You may recall an unusual event that occurred back in 10 A.D. That was the year of the consulship of Dolabella and Silanus, or 763 ab urbe condita, for those of you unwilling to admit the Roman Empire's demise. Of course, the Empire wasn't dead back then. It was doing quite well, if memory serves correctly. As I mentioned, Publius Cornelius Dolabella was Roman consul (a surprising fact for those of us who knew 'Pubes' in high school), though if you ask me, his co-consul, Gaius Junius Silanus did all the work. Dolabella simply ordered somebody else to build an arch that Nero would eventually use to support an aqueduct. There is a funny story behind that, though. In our senior year, Pubes was voted "most likely to build an arch" while Nero, during his senior year, was voted "most likely to use Dolabella's arch to support an aqueduct." One could argue that Nero's was a self-fulfilling prophecy. Regardless, "most likely to burn Rome to the ground" seems more fitting in hindsight.
Where was I? Right. So you may recall an odd incident that occurred in 10 Anno Domini. It actually had nothing to do with either Roman consul or the passing into law of the Senatus consultum Silanianum. It certainly had nothing to do with Nero, who wouldn't be born for another twenty-seven years. It may have had something to do with the division of Illyria into Pannonia and Dalmatia but I can't be sure (my understanding of cosmic string theory being virtually non-existent). Some have argued that the strange occurrence indirectly brought an end to the Greek dynasty in Bactria, but the evidence upon which their case was made remains mildly circumstantial. In fact, a better case has been made for its influence on Liu Xiu. You'll recall that it was Xiu's illegal private purchase of crossbows that so irked Wang Mang. Personally, I disagree with all those who link these worldly events to both the odd event and that particular (and particularly striking) issue of Esse et fiery. It's simply human nature to look upon the face of coincidence and see causality.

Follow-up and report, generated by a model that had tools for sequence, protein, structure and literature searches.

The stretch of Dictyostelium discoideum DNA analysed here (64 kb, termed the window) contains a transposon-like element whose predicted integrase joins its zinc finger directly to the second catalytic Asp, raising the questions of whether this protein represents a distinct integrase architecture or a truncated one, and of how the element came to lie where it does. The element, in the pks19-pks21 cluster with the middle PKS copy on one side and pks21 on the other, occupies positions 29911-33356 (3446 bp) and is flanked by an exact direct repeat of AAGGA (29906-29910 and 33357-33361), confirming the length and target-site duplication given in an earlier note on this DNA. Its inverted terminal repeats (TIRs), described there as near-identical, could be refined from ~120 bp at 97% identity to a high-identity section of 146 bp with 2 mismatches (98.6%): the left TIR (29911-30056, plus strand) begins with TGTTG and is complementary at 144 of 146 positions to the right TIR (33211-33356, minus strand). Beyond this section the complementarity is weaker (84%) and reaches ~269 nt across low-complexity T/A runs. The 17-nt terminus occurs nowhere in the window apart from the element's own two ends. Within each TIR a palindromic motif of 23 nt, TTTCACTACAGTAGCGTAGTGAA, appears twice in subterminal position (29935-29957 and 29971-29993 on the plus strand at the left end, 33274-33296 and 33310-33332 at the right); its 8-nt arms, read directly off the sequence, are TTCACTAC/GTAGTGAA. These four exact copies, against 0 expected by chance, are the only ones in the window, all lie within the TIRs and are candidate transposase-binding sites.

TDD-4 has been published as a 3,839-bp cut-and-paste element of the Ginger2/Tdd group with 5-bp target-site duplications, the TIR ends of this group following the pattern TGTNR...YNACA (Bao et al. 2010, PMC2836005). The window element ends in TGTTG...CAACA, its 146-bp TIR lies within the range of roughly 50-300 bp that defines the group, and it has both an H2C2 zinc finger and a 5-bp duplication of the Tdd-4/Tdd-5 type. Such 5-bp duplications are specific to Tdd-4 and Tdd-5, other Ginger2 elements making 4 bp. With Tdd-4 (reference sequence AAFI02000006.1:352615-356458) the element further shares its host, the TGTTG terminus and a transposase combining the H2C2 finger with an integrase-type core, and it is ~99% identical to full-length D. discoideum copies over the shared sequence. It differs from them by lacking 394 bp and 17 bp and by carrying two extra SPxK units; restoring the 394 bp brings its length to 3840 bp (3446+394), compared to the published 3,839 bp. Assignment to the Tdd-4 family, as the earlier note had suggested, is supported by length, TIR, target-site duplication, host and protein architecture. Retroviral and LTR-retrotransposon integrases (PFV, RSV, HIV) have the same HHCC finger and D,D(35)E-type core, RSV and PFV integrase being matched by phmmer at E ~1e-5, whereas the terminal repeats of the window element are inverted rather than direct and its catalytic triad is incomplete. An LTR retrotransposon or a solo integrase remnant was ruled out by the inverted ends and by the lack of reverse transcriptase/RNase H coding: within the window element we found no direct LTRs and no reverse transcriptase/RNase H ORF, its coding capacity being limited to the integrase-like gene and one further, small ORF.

As to the unusual event that occurred back in 10 I can only say that it may, or may not, have had a rippling effect on the wider world. The event of which I write and you now read was, of course - but wait! Perhaps I should touch on its unlikely origins. The roots of this creeping vine were firmly planted in the heart and home of publisher Rachellius Kendallus who, you will recall, published Lucretius long before popularity devoured the last meager scraps of his humble nature (and, I might add, years after his death). It would not be a stretch to say that the foundation of De rerum natura can be read in Esse et fiery, the journal founded by Rachellius ten years earlier (yet still years after it was first published. Don't ask me to explain these temporal irregularities. The finer points of space and time continue to elude me. I write absurd stories, not scholarly papers on temporal mechanics! If understanding is what you want, go read Stephen Hawking, and good luck to you!)
The unusual event originated, in fact, within the pages of Rachellius' Esse et fiery. Its source was the final work of Sextus Propertius, a stirring love poem dedicated (as was his first work Monobiblos) to the mysterious Cynthia. Who among us cannot relate to that famous first line?
Cynthia prima suis miserm me cepit ocellis(1)